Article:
The Detroit Auto Show, which is going on right now, is full of cars purporting to solve the problem of the moment: the political, economic and environmental damage done by America’s dependence on oil. GM is showing off an electric Chevy; Ford has an adorable diesel hybrid that gets 65 miles per gallon, and Toyota is parading not only its hybrid Prius but also a huge truck that next year will be available in a model that runs on ethanol.
An overwhelming number of Americans believe that our oil problems can be solved by better auto technology: 78 percent of us want Congress and the president to push for 40 m.p.g. fuel economy standards, according to a recent poll.
What we would rather not do is use less gas. Over the past five years, as gas prices have doubled, fuel consumption has continued climbing upward. In 2006, we spent $364 billion on gasoline, which was double what we spent in 2002, according to Tom Kloza, an analyst who monitors American gasoline-buying behavior for theOil Price Information Service. (The difference amounts to as much as the entire federal budget for Medicaid in 2006. It’s hard to imagine that we would have swallowed a one-year tax increase of that proportion.)
But the costs don’t accrue only to Americans — the whole world has to live with the high prices we tolerate. We are a country with 140 million pedals to the metal. American drivers buy one of every nine barrels of crude oil pumped from the ground, so we have more power and influence over world prices than any other buyers. Our behavior exacerbates small supply shortages, sending prices even higher. The International Energy Agency now considers drivers’ “insensitivity” to price as a potential threat to the stability of the world oil market.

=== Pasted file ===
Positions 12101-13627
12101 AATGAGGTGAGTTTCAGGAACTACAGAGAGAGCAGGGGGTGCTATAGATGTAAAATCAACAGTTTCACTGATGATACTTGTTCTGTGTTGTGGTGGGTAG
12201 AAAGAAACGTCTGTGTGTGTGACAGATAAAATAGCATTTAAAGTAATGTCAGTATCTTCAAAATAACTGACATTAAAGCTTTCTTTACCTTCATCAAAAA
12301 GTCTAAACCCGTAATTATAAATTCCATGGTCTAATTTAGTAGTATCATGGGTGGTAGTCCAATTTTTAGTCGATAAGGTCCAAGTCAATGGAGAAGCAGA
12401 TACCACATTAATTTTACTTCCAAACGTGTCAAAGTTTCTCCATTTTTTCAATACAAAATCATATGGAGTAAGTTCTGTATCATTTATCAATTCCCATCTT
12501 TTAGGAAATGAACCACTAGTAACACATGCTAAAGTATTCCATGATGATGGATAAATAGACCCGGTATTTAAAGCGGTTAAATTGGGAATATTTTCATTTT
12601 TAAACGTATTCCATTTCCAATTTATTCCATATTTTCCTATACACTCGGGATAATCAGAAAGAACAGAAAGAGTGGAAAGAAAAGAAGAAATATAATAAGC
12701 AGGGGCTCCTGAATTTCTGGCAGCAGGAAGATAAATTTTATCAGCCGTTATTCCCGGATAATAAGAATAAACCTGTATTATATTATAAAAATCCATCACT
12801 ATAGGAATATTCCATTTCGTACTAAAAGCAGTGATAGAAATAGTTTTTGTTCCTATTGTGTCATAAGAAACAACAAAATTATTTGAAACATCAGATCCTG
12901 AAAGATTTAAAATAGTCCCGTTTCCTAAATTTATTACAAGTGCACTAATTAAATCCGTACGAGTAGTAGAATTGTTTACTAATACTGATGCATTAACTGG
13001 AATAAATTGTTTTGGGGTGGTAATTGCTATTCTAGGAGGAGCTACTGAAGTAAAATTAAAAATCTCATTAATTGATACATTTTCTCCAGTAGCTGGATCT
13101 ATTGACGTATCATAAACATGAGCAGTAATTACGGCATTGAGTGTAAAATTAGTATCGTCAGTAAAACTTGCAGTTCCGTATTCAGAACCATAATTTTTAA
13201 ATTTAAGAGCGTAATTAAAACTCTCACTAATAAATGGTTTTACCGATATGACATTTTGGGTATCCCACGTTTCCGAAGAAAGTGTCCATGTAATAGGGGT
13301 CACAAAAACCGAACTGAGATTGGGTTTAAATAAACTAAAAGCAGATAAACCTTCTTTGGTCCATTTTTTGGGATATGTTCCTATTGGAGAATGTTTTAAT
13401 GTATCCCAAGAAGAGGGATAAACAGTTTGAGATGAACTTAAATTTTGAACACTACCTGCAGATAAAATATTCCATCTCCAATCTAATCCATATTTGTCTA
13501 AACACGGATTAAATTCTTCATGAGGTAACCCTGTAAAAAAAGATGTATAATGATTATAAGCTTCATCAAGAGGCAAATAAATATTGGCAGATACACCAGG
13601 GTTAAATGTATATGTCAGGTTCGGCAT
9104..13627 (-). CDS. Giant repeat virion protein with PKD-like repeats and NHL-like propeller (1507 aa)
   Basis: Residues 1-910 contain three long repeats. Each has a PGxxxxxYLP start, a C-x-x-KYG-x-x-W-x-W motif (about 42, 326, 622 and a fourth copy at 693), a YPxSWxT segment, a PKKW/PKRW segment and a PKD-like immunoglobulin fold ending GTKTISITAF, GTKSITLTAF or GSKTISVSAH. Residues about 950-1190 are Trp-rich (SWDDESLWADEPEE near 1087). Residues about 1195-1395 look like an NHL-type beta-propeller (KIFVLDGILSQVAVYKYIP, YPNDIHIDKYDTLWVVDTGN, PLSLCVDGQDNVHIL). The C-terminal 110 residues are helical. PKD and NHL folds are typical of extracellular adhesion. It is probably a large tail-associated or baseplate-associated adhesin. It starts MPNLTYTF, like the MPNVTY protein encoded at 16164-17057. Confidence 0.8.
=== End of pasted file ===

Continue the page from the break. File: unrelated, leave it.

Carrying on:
This numbness to gasoline prices is relatively new. A recent study of consumer behavior by economists at the University of California at Davis found that between 2001 and 2006, as gas prices doubled, we reduced our consumption by only four percent. This is a big change from the last gas crisis, when drivers faced with the same relative price increase between 1975 and 1980, cut back by about 30 percent.
Why? In 1977 the average family traveled 12,036 miles a year, but by 2001, we were driving 21,171 miles to and from work, soccer practice and the mall. People bought bigger cars to make the longer drives more bearable, and now they’re stuck with both the cars and the commutes. Then too, fuel accounts for a smaller share of the cost of driving today’s cars. (In 2004, gas and oil accounted for 9.5 percent of the cost of driving a mile, down from 19.9 percent in 1985.)